In the wake of Easter celebrations, I find myself reflecting on and dwelling in the post-resurrection stories told to us through the four gospels. What was it like to feel absolute and utter despair on that fateful Friday? What was it like to walk away from the cross crushed in spirit + empty of hope?
“Hope deferred makes the heart sick,” seems to be an offensively weak description of what the friends of Jesus would have felt on that dark, silent Saturday. But that was surely not the end! Pure glory must have overcome them when their broken hope turned to promise and Christ appeared to them once again.
John wrote that “Jesus did many other signs in the presence of the disciples” (John 20:30) and Luke tells us that these appearances occurred over the course of forty days (Acts 1:3).
Those forty days must have been hard. Though beautifully exciting and full of wonder and joy, there was the overwhelming reality that things had changed. Having Jesus back wouldn’t look quite like it did before.
It’s always hard when things change, particularly when its unexpected and undesired. But we can learn tremendously from Jesus’ friends. We’re so much like them. Separated by centuries, but lovers of Christ just the same, and desperate to walk freely as we fight for hope and faith in His coming Kingdom.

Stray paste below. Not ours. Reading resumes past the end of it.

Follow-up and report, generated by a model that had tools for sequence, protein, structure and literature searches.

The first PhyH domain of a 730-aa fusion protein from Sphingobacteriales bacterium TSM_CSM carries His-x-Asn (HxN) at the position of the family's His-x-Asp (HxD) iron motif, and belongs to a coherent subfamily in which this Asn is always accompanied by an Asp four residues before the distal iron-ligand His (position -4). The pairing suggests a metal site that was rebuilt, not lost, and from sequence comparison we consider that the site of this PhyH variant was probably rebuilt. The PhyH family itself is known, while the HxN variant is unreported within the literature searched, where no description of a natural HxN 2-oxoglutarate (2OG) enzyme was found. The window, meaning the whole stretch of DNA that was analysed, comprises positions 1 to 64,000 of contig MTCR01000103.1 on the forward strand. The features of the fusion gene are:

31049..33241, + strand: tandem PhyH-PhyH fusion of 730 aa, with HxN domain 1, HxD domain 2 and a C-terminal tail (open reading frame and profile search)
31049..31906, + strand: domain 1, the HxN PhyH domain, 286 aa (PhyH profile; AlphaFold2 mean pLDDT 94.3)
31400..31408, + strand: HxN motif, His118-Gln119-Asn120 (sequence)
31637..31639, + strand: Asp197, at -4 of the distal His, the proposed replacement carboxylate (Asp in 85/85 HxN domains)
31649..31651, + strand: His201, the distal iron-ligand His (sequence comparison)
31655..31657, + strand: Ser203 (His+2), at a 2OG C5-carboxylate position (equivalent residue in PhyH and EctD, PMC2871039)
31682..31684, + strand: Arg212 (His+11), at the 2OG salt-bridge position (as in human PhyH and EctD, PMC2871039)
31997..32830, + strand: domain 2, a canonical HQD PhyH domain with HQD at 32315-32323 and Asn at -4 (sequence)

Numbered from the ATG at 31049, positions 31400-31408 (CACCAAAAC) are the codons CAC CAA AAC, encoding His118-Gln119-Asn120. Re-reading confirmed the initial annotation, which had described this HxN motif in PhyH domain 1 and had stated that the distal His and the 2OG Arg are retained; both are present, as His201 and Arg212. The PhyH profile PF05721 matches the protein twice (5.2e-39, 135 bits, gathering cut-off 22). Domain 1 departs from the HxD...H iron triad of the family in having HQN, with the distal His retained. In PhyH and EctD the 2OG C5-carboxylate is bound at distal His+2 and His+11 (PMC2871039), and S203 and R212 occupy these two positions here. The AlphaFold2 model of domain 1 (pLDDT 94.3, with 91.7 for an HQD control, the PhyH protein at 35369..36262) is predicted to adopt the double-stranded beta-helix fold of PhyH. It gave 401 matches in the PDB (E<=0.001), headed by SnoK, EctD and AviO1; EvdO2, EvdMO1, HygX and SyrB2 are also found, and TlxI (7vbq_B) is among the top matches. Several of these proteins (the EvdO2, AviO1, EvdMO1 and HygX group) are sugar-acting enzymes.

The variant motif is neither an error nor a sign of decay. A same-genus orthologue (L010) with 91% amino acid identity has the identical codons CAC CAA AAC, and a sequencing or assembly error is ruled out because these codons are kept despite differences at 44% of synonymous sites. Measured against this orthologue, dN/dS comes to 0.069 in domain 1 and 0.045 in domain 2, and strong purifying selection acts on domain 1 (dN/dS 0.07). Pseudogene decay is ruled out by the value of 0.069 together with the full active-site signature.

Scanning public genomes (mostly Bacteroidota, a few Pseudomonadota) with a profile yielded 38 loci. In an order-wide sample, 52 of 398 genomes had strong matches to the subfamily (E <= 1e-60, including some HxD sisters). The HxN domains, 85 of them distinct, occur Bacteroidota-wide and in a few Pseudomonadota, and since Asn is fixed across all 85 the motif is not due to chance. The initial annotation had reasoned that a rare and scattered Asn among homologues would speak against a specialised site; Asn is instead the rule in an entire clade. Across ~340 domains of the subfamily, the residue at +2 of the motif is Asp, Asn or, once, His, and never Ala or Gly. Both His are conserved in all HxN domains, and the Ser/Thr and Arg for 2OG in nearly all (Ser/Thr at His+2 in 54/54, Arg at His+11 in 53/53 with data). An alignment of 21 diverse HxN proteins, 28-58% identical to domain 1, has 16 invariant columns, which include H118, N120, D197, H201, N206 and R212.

Peter, Thomas, Nathanael, James, John, and two other disciples were together. Peter said to them, “I’m going fishing.” They replied, “We’ll go with you.” They went out and got into the boat, but that night they caught nothing.
They went fishing.
These men were fishers by trade and by training. It was the heart of what they did in the days before Jesus wrecked them for ordinary living. It was their familiar, their go-to. And when Jesus came He called them out of it. He spoke worth and glory and vision over their lives and called them to walk into so much more. Healing, deliverance, and insight into Scripture like no one had ever known. Jesus had come, lived with them, died before them, and appeared again to them.
Fishing was a thing of their past. Fishing is what they used to do, who they used to be. It seems foolish and nearsighted for them to regress back into this way of living. Did they think Jesus was gone again? Did they get caught-up in town chatter about the man they thought would be King? Did they forget that Jesus had already overcome death? Doesn’t it represent an inkling of what they must have felt without Jesus around like He used to be?